Mike Justice, Founder and President
When it comes to designing products for the burgeoning Internet of Things (IoT) market, there are many development options. Designers must consider choices for hardware and software, Internet connection method and device power, to name a few. When making these decisions, there is one factor that will influence all these choices: distance.
The network range required for IoT devices plays a surprisingly important role even in the smallest design decisions. After all, the transmission of data is at the core of IoT devices. Transmission range depends on the type of network used, the environment it will be used in, and the types of data being communicated.
Consider the following questions:
- Will the device be used inside one building or between buildings?
- Will the device need to transmit data through walls or floors?
- Is transmission impacted by buildings or trees?
- Will the device connect to a nearby existing network or to a cellular network miles away?
- Will the device send short bursts of information, such as text messages, or longer information, such as video or files?
Once you understand your transmission range and communication needs, determine which network technology works best. There are a number of network connection standards being used to connect devices to the Internet, each with its own pros and cons. These can be grouped into higher frequency and lower frequency networks.
Generally, higher frequency network technologies are higher performing, but may not be able to handle difficult environments, such as thick walls or communicating between buildings. Their range of network is limited to about 100 meters. Examples of higher frequency network technologies include Wi-Fi, Bluetooth, ZigBee and Thread.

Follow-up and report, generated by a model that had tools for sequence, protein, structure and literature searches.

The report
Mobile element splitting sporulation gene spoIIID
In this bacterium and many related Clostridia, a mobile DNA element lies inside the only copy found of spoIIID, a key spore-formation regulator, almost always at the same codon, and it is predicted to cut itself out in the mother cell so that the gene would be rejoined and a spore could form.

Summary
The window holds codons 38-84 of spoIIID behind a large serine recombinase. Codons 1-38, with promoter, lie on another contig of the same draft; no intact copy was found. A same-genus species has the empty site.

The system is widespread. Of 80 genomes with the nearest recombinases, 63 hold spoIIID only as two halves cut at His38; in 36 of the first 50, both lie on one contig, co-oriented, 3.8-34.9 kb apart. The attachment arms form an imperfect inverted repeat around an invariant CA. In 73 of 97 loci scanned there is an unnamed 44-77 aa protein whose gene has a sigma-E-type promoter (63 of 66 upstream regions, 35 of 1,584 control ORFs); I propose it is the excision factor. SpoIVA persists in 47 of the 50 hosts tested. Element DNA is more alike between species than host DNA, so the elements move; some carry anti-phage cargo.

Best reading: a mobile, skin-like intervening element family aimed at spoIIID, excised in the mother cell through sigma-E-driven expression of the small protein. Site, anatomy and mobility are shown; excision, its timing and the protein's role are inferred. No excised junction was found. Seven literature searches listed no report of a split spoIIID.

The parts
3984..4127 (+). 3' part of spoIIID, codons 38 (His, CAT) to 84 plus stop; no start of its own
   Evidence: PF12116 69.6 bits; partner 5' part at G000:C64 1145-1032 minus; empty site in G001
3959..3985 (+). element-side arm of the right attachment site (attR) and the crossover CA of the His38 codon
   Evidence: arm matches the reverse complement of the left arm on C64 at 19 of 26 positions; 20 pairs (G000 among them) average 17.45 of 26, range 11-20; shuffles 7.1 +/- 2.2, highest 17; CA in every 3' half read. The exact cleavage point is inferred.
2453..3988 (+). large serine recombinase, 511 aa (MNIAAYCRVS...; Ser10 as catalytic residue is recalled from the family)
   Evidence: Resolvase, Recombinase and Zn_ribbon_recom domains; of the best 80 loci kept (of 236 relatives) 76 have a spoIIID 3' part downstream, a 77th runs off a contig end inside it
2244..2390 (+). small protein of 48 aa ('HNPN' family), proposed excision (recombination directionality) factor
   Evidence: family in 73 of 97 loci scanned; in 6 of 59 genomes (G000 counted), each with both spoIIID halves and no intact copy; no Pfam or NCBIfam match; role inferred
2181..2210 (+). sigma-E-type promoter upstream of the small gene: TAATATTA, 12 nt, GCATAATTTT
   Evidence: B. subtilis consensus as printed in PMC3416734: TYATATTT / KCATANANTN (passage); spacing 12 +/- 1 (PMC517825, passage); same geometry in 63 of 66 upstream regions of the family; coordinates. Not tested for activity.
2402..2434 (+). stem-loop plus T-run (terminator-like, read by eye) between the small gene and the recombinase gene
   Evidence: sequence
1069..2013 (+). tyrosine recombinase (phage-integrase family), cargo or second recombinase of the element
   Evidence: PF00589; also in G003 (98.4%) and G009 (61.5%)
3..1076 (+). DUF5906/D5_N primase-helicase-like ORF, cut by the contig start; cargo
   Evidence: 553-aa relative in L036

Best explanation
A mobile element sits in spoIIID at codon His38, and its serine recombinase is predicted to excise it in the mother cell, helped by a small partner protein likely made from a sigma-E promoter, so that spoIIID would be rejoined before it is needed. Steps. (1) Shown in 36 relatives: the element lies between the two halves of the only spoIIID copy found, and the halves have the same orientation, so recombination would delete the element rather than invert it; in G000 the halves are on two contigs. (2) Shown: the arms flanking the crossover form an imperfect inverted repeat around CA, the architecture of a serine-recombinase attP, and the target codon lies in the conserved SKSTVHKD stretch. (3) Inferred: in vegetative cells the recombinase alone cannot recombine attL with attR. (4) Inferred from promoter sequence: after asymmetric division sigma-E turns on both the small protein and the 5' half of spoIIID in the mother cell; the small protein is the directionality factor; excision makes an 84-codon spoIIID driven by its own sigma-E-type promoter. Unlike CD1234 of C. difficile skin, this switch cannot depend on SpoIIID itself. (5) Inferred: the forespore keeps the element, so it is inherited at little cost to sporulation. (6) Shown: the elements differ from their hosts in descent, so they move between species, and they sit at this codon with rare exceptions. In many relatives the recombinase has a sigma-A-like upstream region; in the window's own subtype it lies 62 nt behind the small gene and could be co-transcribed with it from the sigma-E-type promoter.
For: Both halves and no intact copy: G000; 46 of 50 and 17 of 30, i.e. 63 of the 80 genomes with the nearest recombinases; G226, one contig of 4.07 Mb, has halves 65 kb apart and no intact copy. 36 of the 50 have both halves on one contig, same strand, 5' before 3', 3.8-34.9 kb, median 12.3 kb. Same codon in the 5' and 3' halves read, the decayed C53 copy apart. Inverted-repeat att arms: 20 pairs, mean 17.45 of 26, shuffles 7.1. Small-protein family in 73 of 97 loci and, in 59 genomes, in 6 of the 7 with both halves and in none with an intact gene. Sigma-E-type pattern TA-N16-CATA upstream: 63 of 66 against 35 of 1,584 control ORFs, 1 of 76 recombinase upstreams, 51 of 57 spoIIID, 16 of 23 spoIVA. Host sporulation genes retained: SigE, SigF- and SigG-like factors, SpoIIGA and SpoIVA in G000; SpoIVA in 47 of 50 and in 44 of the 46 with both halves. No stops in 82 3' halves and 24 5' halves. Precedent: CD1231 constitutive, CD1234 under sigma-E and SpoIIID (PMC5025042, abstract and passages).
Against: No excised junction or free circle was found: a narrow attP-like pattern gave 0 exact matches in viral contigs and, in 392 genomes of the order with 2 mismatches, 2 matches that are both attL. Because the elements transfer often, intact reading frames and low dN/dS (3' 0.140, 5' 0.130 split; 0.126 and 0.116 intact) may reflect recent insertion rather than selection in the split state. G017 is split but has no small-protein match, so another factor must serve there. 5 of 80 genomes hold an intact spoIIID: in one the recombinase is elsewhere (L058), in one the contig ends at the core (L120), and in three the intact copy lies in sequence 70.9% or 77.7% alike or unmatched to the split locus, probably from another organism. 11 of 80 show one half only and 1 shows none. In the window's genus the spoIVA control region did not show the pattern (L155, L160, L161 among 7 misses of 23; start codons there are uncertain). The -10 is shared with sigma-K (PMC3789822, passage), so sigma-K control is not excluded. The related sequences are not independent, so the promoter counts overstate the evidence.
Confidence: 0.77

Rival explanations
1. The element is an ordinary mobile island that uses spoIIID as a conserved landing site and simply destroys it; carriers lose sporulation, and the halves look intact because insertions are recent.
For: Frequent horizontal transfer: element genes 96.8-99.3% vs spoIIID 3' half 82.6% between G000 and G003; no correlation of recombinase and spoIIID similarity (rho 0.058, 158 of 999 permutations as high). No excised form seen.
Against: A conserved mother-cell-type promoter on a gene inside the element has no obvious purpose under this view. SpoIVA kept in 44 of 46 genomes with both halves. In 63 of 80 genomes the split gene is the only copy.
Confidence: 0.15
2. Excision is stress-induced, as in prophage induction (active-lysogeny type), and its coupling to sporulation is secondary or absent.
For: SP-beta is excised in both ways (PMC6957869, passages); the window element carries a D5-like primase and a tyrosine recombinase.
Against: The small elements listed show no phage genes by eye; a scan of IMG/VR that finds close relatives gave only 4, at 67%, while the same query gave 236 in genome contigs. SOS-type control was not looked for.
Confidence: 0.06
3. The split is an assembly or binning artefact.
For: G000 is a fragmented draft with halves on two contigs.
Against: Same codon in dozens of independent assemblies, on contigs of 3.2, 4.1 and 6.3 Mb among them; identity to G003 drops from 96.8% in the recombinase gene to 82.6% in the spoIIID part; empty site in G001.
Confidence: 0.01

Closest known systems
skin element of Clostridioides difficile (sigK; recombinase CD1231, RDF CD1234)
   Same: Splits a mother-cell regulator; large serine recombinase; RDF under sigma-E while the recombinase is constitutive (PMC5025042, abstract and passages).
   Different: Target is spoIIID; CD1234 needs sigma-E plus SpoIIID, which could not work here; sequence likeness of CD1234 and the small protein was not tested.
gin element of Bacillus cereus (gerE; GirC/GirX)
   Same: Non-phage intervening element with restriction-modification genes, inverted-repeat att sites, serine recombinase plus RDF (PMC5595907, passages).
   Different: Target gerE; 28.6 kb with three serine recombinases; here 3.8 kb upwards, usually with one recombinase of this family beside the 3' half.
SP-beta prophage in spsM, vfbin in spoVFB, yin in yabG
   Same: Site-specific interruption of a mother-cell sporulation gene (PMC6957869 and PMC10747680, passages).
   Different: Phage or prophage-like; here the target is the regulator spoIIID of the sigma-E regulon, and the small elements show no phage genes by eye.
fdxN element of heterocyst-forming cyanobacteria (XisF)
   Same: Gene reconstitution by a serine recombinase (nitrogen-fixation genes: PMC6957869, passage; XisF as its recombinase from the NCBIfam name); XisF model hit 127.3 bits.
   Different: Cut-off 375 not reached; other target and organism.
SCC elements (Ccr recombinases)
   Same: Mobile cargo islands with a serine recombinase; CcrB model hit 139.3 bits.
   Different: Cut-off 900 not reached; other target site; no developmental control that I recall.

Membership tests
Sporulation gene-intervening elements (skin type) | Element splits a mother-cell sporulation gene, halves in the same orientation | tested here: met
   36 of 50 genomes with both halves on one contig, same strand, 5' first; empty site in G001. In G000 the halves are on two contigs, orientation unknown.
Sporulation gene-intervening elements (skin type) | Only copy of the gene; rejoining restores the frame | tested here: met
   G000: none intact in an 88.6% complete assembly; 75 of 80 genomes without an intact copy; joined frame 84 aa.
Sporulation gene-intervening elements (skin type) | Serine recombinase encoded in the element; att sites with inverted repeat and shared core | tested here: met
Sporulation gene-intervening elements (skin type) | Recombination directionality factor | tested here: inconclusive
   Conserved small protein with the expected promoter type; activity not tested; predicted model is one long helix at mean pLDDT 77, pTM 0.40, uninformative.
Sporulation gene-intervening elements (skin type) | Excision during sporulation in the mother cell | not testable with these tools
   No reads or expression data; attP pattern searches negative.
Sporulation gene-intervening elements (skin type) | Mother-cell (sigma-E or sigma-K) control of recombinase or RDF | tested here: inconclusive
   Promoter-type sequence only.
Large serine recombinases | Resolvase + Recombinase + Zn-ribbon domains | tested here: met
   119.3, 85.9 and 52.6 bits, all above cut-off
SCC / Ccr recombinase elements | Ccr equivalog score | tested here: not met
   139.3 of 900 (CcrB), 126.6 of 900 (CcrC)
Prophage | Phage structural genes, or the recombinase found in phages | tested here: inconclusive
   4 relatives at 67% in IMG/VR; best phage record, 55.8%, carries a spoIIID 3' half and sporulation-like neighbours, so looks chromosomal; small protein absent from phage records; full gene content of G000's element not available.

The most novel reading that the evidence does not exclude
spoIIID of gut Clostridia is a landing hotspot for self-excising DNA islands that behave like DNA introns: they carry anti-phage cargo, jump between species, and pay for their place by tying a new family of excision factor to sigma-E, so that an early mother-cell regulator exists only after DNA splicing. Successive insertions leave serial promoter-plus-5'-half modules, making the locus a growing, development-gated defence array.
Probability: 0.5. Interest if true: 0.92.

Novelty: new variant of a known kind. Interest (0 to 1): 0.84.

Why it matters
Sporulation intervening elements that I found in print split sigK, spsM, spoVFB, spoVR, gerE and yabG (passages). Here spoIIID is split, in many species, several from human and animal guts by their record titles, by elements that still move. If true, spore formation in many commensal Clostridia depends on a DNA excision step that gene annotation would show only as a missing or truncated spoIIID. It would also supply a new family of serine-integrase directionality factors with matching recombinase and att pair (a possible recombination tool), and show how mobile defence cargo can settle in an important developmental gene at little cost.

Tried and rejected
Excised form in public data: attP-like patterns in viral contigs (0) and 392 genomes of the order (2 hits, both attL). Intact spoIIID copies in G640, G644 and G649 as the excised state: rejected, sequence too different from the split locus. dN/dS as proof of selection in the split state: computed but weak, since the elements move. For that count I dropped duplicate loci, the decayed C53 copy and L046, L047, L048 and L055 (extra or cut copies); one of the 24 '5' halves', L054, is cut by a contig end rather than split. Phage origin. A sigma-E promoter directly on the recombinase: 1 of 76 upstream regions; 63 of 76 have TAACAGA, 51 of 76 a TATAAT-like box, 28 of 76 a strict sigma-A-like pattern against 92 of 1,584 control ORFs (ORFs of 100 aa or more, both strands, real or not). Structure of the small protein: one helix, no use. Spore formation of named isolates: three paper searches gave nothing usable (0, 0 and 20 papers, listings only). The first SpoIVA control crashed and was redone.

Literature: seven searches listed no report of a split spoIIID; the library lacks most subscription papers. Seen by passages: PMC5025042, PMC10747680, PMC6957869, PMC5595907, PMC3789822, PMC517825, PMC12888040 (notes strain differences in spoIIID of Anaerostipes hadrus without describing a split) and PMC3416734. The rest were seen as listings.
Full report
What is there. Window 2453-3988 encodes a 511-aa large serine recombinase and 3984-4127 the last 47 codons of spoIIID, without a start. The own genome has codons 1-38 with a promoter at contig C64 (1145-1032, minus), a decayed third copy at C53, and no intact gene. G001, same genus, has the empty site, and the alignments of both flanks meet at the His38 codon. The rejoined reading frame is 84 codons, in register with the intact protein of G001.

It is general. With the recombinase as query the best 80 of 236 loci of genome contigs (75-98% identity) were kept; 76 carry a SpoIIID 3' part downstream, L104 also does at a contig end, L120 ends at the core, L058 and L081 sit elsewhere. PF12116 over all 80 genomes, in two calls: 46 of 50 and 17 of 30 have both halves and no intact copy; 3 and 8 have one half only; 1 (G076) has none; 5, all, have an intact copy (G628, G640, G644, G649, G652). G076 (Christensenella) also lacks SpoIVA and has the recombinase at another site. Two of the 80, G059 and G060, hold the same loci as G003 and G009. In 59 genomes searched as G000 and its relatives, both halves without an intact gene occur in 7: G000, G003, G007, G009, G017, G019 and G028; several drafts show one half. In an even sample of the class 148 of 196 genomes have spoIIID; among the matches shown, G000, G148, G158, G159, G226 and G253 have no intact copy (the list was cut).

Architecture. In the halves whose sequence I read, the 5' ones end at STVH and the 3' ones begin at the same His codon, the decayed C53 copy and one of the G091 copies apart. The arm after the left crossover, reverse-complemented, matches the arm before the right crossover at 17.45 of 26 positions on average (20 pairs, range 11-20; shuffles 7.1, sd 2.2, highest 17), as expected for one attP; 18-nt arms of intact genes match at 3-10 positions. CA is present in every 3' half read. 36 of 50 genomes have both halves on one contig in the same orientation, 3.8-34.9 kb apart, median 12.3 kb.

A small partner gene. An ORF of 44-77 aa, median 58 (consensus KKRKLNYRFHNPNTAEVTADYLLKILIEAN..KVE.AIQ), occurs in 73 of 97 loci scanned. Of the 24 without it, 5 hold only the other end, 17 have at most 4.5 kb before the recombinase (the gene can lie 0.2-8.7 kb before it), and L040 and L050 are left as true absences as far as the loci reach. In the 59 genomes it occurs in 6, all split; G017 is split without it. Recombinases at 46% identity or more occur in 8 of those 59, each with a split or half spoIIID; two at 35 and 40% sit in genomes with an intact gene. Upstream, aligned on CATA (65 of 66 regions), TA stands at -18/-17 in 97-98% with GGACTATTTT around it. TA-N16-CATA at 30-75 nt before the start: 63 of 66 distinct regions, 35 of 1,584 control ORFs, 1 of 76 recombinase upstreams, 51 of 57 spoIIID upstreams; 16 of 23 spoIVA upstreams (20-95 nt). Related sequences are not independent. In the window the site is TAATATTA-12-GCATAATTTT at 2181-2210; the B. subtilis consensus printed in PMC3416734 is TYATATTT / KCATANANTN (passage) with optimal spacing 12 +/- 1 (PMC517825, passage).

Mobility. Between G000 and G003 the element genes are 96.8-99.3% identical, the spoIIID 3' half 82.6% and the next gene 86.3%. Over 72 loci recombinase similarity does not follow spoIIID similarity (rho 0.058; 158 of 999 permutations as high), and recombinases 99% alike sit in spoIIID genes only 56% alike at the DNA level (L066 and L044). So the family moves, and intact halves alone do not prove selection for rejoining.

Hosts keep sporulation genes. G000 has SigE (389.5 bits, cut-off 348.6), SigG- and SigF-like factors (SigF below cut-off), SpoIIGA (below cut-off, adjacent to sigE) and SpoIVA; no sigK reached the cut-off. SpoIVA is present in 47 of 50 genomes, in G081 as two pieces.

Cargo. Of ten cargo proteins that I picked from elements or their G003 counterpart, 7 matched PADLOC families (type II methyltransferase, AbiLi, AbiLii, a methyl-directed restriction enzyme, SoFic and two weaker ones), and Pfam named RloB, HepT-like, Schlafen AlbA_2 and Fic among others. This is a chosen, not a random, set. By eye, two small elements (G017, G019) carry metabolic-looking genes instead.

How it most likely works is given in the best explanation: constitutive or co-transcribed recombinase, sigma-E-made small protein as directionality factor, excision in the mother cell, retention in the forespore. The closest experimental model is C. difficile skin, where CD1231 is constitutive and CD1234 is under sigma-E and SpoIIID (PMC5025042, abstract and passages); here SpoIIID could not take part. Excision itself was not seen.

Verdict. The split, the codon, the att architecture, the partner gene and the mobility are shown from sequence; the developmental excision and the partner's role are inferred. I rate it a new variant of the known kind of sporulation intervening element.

Wi-Fi is a local area wireless technology that is great for sending large amounts of data wirelessly between devices. Bluetooth operates over shorter distances than Wi-Fi and allows you to pair devices like phones and computers together. ZigBee and Thread are designed for mesh networks, allowing devices to send data along a network, with each device capable of relaying the data toward its destination. Thread is an evolution of ZigBee, and can support a network of up to 250 connected devices.
Lower frequency networks, such as cellular and 900 MHz, can transmit data over greater distances (miles) and are capable of penetrating walls, but performance is diminished.
The easiest devices to connect will use Wi-Fi, Ethernet, cellular or Bluetooth. Wi-Fi and Ethernet are ubiquitous in most homes and businesses and Bluetooth taps into the existing cellular network via smart phones and tablets. Unlike ZigBee and Z-Wave, none require the addition of hardware or gateways to convert the network to either Ethernet or Wi-Fi, which adds cost and one more potential point of failure.
There are three topologies used in IoT networking: point-to-point, star and mesh networks. Network distance plays a role in each of these.
Just like it sounds, a point-to-point network establishes a direct connection between two network nodes, and communication takes place only between the two devices making the connection. Point-to-point networks are easy to use, but the range is limited by this single connection. Bluetooth is an example of this type of connection.
A star network consists of one hub or gateway, which acts as a common connection for other nodes on the network. Devices can communicate with each other by transmitting through the gateway. Star networks deliver fast and consistent transmission, but the transmission range is limited to the distance between a device and the gateway. Wi-Fi is an example of a star network.